Things That Interest Me
Other than politics and reiki
Came across this article the other day and thought, not a bad idea for starters. Wastewater plants in the past have relied upon anaerobic digesters to take care of waste primary solids (big pieces de caca, corn that sinks, excess vegetables) that get past the initial screening pprocess. Why not expand that process to take restaurant wastes, using the same principle. Heck, in Milwaukee, they often take digester solids, treat it a little more and sell it as fertilizer (millorganite.) It could be done to food wastes. And if someone were really, really visionary, combine the wastes with collected green wastes (in CA they separate them) and comp[ost the whole shoting match and make high grade yard compost. It would be great. You know, though, that there would still be some swizzle sticks and straws in it, because people don't always really sort their wastes. Hint, that is why there are huge grinder pumps in wastewater plants to cut up primary solids. They can mash up old underpants, blankets, plastic bags and prophylactics so you don't know they are there. And after being in three commercial compost facilities in CA (don't ask), there are plenty of plastic bags left over in there that get sifted before the final product.
and here is an interesting, but simple approach to helping with CA drought woes. Collect rainwater and reuse it, before it goes to the sea. duh! Use it to recharge wells and for irrigation. When it comes to water reserves that are so stressed because they were designed for 20,000,000 less people than live here now, you think this would be simple stuff, but water planning in CA has always been, we can steal it from somewhere. see Chinatown. and now that the Colorado River is spoken for (it was easy for LA to take the extra water when Las Vegas was a burg and Arizona had no canal to siphon of their water rights), things like this, which seem so simple, need to be part of urban planning. Who knows, with appropriate planning the Kern River may again reach Bakersfield. Nothing like seeing a river walk and bike path with no river, except for holidays when they divert flow to make it joyous.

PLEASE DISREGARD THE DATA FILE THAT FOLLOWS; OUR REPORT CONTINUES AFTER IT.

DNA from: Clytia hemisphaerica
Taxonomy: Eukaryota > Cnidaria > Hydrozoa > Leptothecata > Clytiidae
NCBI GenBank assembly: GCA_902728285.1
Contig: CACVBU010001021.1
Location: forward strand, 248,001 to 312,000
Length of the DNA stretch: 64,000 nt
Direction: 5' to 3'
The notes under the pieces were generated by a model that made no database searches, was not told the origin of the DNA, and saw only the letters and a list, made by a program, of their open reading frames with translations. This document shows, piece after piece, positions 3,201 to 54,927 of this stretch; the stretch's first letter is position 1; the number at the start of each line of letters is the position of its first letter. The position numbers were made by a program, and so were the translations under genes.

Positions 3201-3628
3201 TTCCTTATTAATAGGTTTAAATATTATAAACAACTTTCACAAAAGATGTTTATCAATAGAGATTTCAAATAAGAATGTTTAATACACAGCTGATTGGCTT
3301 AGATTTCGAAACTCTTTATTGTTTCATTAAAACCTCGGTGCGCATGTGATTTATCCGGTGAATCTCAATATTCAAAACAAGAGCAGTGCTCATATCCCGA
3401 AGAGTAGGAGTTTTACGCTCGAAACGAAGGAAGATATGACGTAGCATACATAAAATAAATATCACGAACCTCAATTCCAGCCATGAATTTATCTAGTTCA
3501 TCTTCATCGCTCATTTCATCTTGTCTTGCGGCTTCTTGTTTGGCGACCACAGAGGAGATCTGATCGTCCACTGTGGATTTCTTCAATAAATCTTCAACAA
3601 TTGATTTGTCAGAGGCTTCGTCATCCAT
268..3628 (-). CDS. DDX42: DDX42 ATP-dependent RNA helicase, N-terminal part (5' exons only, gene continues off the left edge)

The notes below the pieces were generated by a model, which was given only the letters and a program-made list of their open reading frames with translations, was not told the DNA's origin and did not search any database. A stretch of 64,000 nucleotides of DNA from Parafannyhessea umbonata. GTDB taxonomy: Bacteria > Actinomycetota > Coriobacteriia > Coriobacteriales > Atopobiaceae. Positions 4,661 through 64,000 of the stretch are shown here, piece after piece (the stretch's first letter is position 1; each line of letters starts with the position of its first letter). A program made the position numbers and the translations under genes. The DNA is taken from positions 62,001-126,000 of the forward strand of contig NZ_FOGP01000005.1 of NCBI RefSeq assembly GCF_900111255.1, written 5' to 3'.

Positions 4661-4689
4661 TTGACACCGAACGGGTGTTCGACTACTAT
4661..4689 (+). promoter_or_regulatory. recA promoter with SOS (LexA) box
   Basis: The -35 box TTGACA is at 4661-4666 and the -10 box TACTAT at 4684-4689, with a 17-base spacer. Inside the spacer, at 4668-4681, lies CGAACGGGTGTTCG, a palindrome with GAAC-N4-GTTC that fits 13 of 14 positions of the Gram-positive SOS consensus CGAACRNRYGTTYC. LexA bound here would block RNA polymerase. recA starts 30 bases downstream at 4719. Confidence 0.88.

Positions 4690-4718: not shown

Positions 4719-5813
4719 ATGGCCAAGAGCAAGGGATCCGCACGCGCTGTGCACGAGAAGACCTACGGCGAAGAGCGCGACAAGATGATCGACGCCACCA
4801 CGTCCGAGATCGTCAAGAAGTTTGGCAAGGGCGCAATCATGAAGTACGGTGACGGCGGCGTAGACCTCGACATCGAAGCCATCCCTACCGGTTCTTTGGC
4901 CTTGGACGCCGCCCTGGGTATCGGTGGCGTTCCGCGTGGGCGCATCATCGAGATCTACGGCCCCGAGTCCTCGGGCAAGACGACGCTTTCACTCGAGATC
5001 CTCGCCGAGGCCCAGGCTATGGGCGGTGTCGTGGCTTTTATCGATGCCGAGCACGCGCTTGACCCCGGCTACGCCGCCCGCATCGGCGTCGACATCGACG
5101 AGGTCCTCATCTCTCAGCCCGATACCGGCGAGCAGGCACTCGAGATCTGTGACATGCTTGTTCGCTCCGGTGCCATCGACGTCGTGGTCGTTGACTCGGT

and maybe an expensive solution that would create jobs, but a practical one nonetheless. Upgrade irrigation practices so they can match the need. I have no room to talk as I did not finish my irrigation system this spring and have top water with a sprinkler, instead of drip irrigation, but this could save a ton. Match the needs to the crop instead of flood irrigation. Big difference. I can see flood irrigation next to the river when you grow rice, but in the middle of the desert, makes little sense. and why grow corn, that takes a ton of water, where you need to irrigate via long-distance canals. Maybe another less thirsty crop is appropriate.
and it seems like a toone is in order--
This young thing can play!!!!!!